Programmatic advertising has become an indispensable part of a publisher’s monetization techniques. Along with direct deals, events, subscriptions, native widgets, sponsored content, etc., you can usually see at least Google AdX ads on the page.
However, on more developed markets, you will now also see Prebid and Amazon header bidding partners. And in many cases a publishing organization can rely entirely on the revenue generated from programmatic ads on the site, skipping the investment into sales teams and the lengthy process of getting direct demand.
In the next quarters of 2023, we expect this trend to grow in a variety of areas, while the market matures, consolidates, and faces challenges.
Relatively new players in the SSP market are being able to get a good Share of Voice within the publishers that have to open their ad stack for them. With video being shown within the display inventory they are able to win with higher CPMs and become even more valuable as compared to the traditional players in the market. They still however are not seen across all websites, as some publishers are reluctant on expanding their stack with heavy video ads.
“One thing we can see happening right now quite aggressively is the move of in-banner video into the normal display market. So in the past, if we were to look at where the top performing partners in a header bidding partner were, you would usually see something like Index Exchange, Xandr (formerly Appnexus), and Rubicon being the top partners. But over the last year or two, there has been a shift happening towards SSPs focused on bringing video into banner placements.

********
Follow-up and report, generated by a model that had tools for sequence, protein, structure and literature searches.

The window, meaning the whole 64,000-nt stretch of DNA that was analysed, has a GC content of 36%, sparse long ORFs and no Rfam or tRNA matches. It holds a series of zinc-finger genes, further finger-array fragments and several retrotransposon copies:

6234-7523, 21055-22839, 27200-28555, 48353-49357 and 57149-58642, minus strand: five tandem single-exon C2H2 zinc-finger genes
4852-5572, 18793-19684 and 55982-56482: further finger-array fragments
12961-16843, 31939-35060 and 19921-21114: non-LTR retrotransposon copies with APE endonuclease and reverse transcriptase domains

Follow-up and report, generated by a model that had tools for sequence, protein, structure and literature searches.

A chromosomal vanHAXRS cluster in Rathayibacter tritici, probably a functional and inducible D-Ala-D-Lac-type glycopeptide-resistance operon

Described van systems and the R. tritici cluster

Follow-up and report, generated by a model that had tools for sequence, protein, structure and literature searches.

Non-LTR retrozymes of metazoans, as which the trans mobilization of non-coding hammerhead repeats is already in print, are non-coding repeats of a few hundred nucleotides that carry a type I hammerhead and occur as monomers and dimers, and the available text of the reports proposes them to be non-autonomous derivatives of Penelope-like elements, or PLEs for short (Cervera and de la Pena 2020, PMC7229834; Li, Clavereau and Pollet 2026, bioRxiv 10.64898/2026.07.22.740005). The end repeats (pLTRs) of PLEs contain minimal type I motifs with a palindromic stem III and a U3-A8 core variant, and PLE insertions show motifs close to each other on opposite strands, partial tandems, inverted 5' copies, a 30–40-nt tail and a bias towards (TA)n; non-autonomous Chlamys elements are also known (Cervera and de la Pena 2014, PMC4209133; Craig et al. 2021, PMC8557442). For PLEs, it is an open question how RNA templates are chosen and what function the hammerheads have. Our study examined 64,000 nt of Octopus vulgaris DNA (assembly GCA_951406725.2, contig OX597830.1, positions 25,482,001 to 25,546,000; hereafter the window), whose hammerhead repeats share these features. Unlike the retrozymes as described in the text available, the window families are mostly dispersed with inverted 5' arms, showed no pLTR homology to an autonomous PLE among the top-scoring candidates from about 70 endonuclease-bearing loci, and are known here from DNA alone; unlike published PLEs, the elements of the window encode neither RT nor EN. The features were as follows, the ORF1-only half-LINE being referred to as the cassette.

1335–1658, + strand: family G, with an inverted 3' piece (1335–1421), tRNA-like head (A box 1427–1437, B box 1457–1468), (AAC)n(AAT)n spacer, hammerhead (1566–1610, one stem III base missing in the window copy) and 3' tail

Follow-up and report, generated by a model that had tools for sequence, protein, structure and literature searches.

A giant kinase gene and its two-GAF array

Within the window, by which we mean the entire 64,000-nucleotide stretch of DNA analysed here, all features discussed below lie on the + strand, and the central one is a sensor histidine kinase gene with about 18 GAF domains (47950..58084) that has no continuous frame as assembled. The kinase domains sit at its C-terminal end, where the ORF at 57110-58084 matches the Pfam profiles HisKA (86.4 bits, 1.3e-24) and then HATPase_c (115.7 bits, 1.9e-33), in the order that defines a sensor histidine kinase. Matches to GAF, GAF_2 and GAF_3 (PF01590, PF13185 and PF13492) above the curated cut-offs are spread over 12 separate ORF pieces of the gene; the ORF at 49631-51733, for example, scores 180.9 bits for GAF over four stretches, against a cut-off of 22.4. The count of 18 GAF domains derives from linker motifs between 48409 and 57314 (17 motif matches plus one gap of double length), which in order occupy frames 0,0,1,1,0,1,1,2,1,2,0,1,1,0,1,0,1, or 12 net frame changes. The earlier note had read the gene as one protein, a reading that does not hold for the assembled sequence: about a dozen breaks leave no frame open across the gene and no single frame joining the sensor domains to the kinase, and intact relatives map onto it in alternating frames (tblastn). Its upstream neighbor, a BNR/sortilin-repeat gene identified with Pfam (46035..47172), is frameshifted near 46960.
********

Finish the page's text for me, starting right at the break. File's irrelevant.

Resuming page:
We have been able to capitalize on that quite well, generating a significantly higher impact on revenue. But of course, also on the downside in terms of network bandwidth, the total amount of requests happening over the ecosystem, and so on”, says Nils Lind Founder and CEO of Assertive Yield in the Programmatic Trends and Predictions 2023 video.
One uncertainty is what will happen as companies like Vidazoo, Minute Media, Adagio, etc, are becoming more and more popular.
Drawing attention to this might lead to a more suited pricing of video inventory, depending on whether it comes from a video player with relevant content on the page (pre-roll and mid-roll ads on publishers with video demand), a random video showing against the content (out-stream video players such as Primis, Vidazoo, Conatix) or a video shown inside a display ad unit.
Table Source: StackAdapt
Connected TV (CTV) and Over-The-Top (OTT) advertising are fast expanding as more consumers abandon traditional cable in favor of streaming options for television programming. Since marketers seek to target their audiences more efficiently across numerous screens, programmatic advertising is likely to play a significant role in this sector. Being a growing sector, it still confronts issues such as fraud and discrepancies.
Another subsection, that is rising recently is Prebid Audio ads, which might play a bigger role in the podcast industry, and who knows - in a revamp of the voice assistant devices, which are at a point where a lot of money has been poured in, with no actual return, and yet, with AI algorithms getting better and better they might become more and more useful.
In 2023 we’ve already seen EMX filing Chapter 11 for bankruptcy, and Yahoo announced they are planning to shut down its SSP business. For other companies, this decision may have another outcome - getting bought. It’s not something we haven't seen in the past several years, with examples like Magnite, SpotX, Freestar, and Sortable, but we might see it more often with SSPs buying out technological tools as well, to stay relevant in the market.